Cider_House-3 (1)

The 11-stop wine trail brings guests and business to region’s wineries and vineyards.

Lovers of the great outdoors (and fruit of the vine) visit independent wineries across southeast Ohio to sample local libations, enjoy live music and in a spirited twist — check off their trail cards.

There are 11 stops on the Appalachian Wine Trail. It begins in Warsaw at Heritage Vineyards Winery and ends with the Merry Family Winery in Bidwell. The Ohio Wine Producers Association (OWPA) designed the wine trail to create an interactive experience for customers and generate business for the wineries.

“People who like wine generally enjoy the exploration of wine,” says OWPA executive director Donniella Winchell. “… A lot of people will explore new wineries to see what else they can fall in love with.”

Traveling on the trail

In 1993, the OWPA established a membership program that linked several southeastern Ohio wineries together as participants in the Appalachian Wine Trail. The program was created to help increase visitation to the wineries during the winter offseason and introduce customers to wines of the region.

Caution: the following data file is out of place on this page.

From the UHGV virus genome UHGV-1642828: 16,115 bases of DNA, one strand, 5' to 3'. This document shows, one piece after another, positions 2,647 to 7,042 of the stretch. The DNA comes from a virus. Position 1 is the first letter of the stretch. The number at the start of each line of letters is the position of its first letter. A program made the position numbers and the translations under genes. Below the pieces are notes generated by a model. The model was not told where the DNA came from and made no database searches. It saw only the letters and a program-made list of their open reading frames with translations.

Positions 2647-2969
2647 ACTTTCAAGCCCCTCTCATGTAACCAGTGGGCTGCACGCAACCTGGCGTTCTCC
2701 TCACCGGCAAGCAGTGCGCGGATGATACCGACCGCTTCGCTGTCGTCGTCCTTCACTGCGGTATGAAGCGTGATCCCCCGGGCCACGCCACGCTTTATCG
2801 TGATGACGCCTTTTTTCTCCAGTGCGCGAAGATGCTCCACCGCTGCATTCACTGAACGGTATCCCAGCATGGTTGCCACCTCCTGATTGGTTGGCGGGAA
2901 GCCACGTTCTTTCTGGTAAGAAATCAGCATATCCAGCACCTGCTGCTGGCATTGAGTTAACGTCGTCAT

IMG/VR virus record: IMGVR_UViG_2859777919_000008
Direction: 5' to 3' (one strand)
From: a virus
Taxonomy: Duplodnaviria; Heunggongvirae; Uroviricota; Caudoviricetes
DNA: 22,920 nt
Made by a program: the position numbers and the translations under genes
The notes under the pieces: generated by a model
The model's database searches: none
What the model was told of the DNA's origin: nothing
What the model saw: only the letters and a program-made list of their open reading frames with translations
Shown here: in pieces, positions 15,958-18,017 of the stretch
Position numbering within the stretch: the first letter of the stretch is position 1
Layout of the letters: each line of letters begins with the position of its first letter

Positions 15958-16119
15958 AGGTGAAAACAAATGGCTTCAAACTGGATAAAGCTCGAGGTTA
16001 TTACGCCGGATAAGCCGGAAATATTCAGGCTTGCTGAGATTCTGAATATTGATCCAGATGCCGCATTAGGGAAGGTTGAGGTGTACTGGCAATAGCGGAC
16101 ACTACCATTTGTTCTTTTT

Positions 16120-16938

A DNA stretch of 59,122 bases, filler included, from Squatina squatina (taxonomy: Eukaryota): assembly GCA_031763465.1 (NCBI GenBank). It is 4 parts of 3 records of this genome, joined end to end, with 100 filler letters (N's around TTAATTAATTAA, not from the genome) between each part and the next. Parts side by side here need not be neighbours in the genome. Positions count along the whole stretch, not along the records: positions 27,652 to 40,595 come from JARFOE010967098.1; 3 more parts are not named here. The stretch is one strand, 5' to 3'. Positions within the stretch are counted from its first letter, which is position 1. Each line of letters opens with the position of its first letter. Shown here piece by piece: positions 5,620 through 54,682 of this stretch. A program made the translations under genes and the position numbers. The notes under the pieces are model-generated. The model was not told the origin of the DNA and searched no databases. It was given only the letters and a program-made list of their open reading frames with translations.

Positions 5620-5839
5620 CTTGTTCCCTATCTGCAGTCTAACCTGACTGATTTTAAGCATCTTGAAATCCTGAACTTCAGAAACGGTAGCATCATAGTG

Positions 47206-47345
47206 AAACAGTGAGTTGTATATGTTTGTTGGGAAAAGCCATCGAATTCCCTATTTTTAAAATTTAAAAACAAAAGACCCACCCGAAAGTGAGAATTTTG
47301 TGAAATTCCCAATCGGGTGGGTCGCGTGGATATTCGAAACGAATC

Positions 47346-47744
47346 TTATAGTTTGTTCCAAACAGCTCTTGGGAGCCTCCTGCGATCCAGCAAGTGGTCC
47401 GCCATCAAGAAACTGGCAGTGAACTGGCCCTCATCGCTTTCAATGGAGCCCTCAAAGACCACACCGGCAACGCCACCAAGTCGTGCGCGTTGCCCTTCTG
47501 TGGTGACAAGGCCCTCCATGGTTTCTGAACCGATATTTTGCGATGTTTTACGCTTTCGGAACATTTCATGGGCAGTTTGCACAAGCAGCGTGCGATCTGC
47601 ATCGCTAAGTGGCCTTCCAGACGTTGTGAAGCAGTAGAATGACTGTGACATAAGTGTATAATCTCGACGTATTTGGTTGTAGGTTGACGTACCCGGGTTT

Since the vineyards on the Appalachian Wine Trail extend across southeast Ohio, the OWPA began having month-long events for wine enthusiasts who visit several trail wineries.

Participants begin their eleven-stop expedition by picking up a trail card and detailed brochure at any of the member wineries. Once the trail card has been validated at a few of the wineries on the Appalachian Wine Trail, participants are eligible to win prizes. For example, participants who visited all 11 participating wineries were entered in a drawing to win a free overnight stay at Salt Fork Lodge or Atwood Lake Resort through the Great Grape Escape event.

Each event typically draws more than one hundred people, and the majority of participants have completed at least half of their trail card.

“On a scale of one to ten, I’d say our success with the trail has been about a seven or eight, and there’s always room for improvement,” Winchell says. “Over the years, we’ve offered amenities, gifts, food to give to folks so the trail becomes a destination.”

Bringing business to the hills

Before Donna and Paul Roberts opened Terra Cotta Vineyards in 1999, the couple participated in many Ohio Wine events and volunteered at the Vintage Ohio Wine Festival in Kirtland. Since she was a part of the customer base before co-owning a vineyard herself, Donna understands how important the trails are for encouraging wine-lovers to visit wineries across the state.

“Trail events are good for wineries as it does bring customers to the winery that may not come otherwise — and they like to bring friends with them!” Donna says.